Tuesday, September 12, 2017

U2's Forgotten Masterpiece


Are there any "forgotten" songs by U2?

It has taken me several weeks to write about what I believe to be one of the greatest songs of the 1990s and what is easily U2's own forgotten masterpiece.

I'm speaking of the song So Cruel from Achtung Baby, which is an album millions of people own. How can it be forgotten if it is in so many hands? Untold millions stream their work on Spotify and whatnot. I think there is no chance that So Cruel has been forgotten but, perhaps, a little misplaced in relation to the band's output. 

If you're going to select something from that era, One is probably the song. I think there are sentimentalists who would say that Mysterious Ways was more revolutionary and Even Better Than the Real Thing had more punch than anything else on the album. The nihilism of The Fly is ever present. Was it acknowledgement that a decade spent in Christian and political repose had to come to a crashing end? There are so many great songs on Achtung Baby that it took six CDs to properly honor the album when the deluxe reissue came out a few years ago. I called it the greatest comeback album ever, and now I would like to drill down into what makes the album as grounded and as relevant as ever.

Did you know that So Cruel has its own massive Wikipedia page:

"So Cruel" is a song by rock band U2. It is the sixth track on their 1991 album Achtung Baby, concluding side one of the album. The song was written at Elsinore in Dalkey. While audio engineer Flood changed reels to listen to a demo of another song, lead singer Bono began to improvise a song on guitar. The rest of the band quickly joined in, creating the first take of the song. It was developed as an acoustic track, with Flood adding overdubs and additional elements later. Bassist Adam Clayton and Flood noted that the technology in the studio was crucial in transforming the acoustic song into the final mix.

There's this myth that the album was crafted entirely in Berlin amidst the decadence of modern history and between the shattered remnants of the Wall. Much of the album came together at home with the lads sleeping in their own beds, or in borrowed beds, depending on their personal situations. I was always led to believe that it was written and recorded entirely in Hansa studios, but the majority of the output from those sessions ended up being shelved in favor of the work done in Ireland.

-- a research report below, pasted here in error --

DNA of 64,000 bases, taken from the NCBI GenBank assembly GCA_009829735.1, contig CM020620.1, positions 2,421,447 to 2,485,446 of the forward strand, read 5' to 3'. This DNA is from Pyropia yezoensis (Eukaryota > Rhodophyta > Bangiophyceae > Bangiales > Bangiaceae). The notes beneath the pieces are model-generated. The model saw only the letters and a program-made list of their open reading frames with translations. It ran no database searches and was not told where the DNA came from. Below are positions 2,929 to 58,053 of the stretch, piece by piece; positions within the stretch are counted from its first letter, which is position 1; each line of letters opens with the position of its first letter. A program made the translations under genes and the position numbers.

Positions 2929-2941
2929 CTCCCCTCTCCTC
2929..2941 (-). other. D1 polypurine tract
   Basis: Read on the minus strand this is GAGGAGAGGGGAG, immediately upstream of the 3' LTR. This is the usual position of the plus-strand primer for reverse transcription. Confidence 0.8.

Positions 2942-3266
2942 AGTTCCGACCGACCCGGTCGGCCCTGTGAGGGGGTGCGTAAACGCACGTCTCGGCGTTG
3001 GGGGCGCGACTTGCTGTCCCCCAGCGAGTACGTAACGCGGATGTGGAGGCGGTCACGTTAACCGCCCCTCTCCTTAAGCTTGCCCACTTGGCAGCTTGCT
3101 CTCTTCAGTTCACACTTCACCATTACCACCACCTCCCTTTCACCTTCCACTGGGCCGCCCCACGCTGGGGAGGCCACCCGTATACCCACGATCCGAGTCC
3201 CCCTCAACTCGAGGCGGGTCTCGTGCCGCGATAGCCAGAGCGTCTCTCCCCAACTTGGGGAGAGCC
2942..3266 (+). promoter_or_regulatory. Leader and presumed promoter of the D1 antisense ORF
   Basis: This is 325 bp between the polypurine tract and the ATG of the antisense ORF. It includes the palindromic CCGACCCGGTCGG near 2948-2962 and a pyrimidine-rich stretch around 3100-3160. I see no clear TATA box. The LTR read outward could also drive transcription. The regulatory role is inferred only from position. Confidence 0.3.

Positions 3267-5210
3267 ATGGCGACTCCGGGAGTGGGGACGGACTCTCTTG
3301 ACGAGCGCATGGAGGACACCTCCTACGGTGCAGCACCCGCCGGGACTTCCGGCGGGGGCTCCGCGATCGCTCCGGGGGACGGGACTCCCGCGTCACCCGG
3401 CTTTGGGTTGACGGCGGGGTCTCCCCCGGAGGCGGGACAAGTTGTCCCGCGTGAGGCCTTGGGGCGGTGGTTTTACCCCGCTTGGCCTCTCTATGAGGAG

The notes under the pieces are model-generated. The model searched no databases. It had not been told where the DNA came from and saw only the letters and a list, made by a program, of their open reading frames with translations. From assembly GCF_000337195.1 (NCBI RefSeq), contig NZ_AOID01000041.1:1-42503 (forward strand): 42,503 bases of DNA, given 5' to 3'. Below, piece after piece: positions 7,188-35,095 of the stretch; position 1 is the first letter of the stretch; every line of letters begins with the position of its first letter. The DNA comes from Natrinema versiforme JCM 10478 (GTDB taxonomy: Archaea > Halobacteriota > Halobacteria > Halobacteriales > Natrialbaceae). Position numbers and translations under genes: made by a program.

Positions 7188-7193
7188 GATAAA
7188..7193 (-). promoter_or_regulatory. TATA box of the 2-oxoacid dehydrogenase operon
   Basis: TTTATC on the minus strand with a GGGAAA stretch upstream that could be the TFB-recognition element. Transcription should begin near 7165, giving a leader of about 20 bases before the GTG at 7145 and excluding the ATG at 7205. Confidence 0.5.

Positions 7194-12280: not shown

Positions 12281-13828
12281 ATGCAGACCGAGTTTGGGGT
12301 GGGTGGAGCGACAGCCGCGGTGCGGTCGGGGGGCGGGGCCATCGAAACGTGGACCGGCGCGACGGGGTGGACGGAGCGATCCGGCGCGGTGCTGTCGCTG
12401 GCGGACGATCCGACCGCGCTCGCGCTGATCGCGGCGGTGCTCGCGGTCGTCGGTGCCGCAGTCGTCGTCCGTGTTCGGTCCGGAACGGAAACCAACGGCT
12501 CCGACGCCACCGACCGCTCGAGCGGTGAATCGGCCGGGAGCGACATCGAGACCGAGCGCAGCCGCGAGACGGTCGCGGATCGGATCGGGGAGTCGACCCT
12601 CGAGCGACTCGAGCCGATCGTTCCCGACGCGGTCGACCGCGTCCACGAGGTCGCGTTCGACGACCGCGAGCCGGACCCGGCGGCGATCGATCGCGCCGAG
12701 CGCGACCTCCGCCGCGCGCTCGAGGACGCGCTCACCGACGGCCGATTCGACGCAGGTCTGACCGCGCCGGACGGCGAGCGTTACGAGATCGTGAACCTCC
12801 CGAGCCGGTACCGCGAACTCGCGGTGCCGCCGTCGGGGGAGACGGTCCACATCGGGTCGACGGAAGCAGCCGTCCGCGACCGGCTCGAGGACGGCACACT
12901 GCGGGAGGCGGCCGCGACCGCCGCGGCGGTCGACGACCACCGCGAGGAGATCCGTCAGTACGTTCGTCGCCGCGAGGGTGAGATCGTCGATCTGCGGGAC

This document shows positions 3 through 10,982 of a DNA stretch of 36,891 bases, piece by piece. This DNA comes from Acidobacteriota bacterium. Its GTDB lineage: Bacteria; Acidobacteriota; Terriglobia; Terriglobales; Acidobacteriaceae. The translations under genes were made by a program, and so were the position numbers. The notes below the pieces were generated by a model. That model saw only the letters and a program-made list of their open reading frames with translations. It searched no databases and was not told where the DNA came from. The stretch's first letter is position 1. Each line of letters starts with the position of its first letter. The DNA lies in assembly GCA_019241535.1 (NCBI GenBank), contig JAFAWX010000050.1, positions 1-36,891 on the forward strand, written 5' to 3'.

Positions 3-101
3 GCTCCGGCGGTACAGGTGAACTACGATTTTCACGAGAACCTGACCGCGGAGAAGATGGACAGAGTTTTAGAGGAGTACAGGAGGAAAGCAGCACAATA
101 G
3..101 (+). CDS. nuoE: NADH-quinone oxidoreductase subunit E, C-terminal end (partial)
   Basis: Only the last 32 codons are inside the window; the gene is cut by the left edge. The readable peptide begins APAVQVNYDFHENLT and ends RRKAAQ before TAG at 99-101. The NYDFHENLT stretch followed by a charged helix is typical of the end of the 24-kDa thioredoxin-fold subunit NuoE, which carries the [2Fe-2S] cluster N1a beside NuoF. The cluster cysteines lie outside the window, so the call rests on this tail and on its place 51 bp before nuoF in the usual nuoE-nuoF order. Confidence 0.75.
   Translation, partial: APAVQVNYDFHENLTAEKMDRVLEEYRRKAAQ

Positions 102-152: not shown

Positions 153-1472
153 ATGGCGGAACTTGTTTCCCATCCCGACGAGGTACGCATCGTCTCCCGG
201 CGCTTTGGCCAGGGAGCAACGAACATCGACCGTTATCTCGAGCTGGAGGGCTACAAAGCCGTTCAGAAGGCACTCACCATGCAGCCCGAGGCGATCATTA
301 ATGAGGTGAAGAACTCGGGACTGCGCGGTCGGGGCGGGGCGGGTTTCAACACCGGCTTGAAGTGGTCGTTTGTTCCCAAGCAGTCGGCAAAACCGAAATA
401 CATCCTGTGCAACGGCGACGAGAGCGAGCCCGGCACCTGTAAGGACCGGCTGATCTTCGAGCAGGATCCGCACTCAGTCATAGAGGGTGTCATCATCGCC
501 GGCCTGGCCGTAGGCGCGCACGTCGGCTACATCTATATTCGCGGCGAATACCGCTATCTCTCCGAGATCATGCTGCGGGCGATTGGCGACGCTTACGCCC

So Cruel is the sound of Dave "The Edge" Evans' marriage crumbling. You can be a successful musician with millions in the bank and your whole world can unravel just the same as anyone else. A miserable heart doesn't care what's in your accounts when it shatters all over the place. Capturing it in a song, well, leave that to your lifelong songwriting partner.

I think there is a companion piece to it that should not be ignored. What created the need for a comeback was the disastrous Rattle & Hum album, which was so poorly received in America, U2 chucked the idea of touring it in the states. They went everywhere else, most notably Australia and New Zealand, and it was received with rapture and praise from audiences used to being neglected by superstar acts. I think you can draw a straight line from All I Want is You to So Cruel, and you can see that they are linked by a common desire to understand love, longing and loss in a way that the superficial music of the era couldn't fully compete with. Listen to them both, side by side, and you can see that there is a mash-up out there waiting to happen. 

It's easy to dismiss an album track, but there's no reason why it couldn't have been a single. I don't know what the thinking was in 1991-92 as far as the marketing of the singles and the strategy for getting the album into the hands of people who weren't already fans.

How does this change the way that Achtung Baby is regarded as an album? My guess is that it doesn't change a thing. You could make the argument that making So Cruel the sixth (!) single would have been overkill if Island Records already believed it had run its course and was not going to do well; I don't know. It's hard to make the case that it was a criminal act not to release it as a single since the band has only played it live a handful of times. But it is my belief that it is easily the strongest "album" track ever.

Most bands would kill to have a song like So Cruel; for many, it would be their defining single and a permanent fixture of their live shows. For U2, it's just one of many.

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